Just came across this good news on National Geographic that tigers are making a comeback, thanks to strong government initiatives in India, Thailand, and Russia. There are six remaining subspecies of tiger that live in 13 Asian countries — a habitat that’s reduced by 93% from their historic range. Conservationists estimate that only 3,200 tigers exist in the wild.
Joe Walston, Executive Director for Asia Programs at the Wildlife Conservation Society (WCS), praised the three countries for taking action to protect their tiger populations. The animals are endangered globally.
In India’s Nagarahole and Bandipur National Parks, for example, a combination of strict anti-poaching patrols, surveillance, voluntary relocation of people away from tiger habitats, and scientific monitoring have helped the big cats rebound to the point where they have saturated the two national parks.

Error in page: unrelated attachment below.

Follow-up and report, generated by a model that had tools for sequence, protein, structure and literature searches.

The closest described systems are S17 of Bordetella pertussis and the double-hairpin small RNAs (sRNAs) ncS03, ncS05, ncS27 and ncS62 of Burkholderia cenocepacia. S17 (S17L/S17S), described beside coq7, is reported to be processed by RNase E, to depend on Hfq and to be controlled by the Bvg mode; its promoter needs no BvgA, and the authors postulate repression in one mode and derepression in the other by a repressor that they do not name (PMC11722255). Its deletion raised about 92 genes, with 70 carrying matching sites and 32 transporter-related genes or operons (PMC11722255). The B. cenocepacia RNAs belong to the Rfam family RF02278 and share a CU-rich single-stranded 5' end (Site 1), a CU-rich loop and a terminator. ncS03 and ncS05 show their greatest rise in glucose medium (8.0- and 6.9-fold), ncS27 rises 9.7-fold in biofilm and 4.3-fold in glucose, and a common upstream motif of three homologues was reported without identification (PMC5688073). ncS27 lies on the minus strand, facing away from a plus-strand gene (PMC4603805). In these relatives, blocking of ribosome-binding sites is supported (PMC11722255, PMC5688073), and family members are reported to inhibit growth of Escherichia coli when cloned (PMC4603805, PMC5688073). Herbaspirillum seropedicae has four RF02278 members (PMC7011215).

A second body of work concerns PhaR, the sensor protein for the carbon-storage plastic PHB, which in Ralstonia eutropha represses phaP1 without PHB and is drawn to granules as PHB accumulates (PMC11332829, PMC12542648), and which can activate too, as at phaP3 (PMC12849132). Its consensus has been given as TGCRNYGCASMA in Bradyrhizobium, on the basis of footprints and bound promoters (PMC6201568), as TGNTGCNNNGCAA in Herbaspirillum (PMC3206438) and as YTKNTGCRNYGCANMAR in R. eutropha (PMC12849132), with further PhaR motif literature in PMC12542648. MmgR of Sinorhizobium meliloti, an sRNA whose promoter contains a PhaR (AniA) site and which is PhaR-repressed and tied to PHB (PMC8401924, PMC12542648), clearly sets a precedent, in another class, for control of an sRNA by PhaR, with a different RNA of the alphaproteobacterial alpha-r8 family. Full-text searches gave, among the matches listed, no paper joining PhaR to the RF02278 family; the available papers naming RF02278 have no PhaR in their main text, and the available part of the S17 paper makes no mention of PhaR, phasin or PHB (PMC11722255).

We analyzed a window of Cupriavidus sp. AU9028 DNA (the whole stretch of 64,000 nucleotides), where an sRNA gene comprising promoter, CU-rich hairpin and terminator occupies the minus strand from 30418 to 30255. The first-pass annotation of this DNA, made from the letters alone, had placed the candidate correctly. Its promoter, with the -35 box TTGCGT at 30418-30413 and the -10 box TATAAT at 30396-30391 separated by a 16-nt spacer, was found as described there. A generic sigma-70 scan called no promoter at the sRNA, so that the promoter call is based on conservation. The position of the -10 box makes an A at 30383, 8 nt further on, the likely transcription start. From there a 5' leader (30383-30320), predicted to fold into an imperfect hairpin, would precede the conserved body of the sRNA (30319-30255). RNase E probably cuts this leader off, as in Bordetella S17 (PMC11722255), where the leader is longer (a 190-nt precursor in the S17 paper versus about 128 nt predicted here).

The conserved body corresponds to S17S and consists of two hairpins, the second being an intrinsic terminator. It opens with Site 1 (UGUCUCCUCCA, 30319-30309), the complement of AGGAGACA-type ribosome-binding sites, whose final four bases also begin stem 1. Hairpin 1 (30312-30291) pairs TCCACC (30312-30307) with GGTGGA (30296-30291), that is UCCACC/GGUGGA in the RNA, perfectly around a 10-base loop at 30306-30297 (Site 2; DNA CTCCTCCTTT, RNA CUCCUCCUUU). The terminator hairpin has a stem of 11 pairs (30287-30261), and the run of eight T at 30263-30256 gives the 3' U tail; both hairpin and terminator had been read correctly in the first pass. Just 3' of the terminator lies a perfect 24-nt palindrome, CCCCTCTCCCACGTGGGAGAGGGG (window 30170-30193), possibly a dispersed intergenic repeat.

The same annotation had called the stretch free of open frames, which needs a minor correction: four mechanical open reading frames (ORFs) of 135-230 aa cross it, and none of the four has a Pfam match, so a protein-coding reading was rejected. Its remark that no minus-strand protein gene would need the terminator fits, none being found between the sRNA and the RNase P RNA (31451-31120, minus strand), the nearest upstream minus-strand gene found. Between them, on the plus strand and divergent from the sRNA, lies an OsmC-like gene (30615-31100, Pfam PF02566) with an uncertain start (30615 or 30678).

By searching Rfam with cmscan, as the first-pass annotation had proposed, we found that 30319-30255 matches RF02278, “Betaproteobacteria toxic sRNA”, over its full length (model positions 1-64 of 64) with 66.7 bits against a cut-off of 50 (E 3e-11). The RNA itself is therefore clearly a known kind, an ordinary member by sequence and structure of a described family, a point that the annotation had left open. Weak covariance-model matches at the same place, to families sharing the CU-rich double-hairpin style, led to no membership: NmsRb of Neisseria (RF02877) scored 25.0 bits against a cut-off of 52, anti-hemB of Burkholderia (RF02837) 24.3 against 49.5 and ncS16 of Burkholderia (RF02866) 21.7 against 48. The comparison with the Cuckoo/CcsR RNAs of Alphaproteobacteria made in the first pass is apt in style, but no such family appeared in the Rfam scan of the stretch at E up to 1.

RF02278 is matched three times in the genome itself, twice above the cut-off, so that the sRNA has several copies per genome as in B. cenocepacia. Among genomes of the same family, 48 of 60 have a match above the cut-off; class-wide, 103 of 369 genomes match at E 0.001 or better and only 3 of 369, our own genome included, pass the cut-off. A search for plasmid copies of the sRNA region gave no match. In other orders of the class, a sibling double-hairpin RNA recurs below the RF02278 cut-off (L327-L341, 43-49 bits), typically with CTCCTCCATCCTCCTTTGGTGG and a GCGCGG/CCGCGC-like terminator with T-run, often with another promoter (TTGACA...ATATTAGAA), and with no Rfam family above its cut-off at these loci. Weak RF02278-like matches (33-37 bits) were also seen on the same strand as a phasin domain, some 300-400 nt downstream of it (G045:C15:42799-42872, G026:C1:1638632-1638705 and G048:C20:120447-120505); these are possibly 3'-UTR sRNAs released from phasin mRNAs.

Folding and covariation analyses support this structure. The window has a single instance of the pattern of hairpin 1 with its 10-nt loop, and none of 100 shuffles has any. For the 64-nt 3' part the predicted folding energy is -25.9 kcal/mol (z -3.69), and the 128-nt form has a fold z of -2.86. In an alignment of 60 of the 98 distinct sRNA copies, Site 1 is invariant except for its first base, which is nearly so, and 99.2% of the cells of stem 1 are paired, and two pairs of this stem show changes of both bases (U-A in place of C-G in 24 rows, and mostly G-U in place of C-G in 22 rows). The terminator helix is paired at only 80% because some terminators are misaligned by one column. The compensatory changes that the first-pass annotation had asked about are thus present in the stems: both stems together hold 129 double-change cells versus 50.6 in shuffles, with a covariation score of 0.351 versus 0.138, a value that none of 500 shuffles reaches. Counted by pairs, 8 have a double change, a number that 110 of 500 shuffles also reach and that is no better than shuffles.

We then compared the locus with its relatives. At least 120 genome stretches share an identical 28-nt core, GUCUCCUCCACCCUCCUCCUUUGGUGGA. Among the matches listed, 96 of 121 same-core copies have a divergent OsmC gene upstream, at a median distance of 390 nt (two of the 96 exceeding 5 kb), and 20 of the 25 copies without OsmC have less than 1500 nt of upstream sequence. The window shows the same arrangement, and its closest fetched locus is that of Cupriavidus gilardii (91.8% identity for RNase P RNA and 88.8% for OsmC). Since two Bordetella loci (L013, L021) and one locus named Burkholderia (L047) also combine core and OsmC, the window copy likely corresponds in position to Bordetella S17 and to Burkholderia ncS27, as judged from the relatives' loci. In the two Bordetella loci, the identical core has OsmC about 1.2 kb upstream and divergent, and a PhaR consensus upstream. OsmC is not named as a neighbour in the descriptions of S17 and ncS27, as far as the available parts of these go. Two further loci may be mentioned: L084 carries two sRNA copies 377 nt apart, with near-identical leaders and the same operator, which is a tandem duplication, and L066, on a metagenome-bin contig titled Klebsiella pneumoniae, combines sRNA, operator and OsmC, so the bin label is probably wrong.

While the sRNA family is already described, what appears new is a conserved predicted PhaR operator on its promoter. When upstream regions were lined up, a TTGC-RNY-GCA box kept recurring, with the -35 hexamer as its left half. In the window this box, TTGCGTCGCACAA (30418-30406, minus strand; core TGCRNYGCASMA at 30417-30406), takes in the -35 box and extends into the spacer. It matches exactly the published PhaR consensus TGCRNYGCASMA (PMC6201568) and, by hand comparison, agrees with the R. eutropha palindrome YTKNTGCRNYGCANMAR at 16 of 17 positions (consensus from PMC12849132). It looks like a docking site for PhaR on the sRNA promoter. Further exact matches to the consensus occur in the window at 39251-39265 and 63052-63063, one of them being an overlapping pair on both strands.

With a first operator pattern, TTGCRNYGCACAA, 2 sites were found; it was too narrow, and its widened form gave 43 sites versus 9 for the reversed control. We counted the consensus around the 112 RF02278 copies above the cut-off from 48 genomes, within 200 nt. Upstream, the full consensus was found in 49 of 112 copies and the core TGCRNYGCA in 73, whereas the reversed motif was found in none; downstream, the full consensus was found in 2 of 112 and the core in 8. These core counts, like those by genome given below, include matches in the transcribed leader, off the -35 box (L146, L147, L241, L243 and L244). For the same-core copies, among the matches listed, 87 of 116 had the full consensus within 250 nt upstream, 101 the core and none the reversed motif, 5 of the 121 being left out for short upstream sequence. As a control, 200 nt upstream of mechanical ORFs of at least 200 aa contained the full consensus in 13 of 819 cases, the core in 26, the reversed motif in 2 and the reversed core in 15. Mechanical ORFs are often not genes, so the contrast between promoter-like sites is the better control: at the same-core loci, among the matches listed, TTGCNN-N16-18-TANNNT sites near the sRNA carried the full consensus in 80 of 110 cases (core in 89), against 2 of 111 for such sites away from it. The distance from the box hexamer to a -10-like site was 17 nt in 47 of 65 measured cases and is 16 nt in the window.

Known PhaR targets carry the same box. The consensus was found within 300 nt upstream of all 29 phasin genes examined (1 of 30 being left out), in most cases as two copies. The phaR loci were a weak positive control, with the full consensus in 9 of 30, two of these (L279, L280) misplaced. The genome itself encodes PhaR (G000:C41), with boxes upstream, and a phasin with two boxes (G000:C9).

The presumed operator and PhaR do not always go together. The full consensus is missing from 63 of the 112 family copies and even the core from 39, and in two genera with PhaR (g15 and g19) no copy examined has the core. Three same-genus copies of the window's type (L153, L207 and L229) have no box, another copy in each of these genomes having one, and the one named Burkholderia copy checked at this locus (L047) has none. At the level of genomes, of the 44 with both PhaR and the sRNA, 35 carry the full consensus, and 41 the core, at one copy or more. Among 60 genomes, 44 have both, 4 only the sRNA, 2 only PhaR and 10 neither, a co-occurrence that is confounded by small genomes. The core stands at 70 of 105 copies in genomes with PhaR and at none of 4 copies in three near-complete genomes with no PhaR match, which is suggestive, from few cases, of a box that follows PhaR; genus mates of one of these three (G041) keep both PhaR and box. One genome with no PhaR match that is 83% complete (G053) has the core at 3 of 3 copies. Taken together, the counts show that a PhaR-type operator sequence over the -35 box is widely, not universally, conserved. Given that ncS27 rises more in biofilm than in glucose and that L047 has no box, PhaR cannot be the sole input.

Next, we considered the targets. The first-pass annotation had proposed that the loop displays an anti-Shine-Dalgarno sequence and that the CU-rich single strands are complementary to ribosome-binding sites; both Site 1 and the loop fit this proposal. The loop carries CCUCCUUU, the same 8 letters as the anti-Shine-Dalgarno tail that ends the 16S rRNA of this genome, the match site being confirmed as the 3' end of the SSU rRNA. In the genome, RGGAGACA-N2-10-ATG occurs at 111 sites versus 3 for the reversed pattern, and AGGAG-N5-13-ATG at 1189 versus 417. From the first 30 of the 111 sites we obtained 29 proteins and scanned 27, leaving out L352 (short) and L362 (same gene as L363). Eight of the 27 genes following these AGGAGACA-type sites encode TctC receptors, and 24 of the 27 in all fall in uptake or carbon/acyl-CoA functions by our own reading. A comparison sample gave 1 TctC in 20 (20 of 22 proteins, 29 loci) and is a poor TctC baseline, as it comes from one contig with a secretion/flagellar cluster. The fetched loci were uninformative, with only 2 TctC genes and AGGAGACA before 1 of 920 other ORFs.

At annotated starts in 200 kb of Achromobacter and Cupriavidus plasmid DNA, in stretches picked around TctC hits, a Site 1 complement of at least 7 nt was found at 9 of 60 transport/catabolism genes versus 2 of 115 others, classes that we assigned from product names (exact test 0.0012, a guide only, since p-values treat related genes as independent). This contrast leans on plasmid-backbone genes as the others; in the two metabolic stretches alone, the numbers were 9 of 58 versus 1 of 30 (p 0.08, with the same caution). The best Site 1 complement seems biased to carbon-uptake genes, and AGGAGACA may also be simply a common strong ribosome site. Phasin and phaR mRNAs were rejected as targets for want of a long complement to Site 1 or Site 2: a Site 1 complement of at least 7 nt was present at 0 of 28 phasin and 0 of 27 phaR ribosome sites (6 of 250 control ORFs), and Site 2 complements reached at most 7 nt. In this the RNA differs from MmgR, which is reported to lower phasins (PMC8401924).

In Russia, government officials are drafting a new law that makes the transport, sale, and possession of endangered animals a criminal offense rather than just a civil crime. This closes a loophole that currently allows poachers to claim they found endangered species like tigers already dead.
In Thailand, enforcement and anti-poaching patrols have been beefed up in the Huai Kha Khaeng Wildlife Sanctuary.
But these three success stories are rare bright spots for the endangered species, whose numbers continue to hover at all-time lows worldwide due to the combined threats of poaching, loss of prey, and habitat destruction.
Walston pointed out that saving tigers has other benefits also. He said:
“When we conserve tigers, we’re actually conserving a whole host of species that are maybe not as charismatic or iconic but are equally valuable and equally threatened.”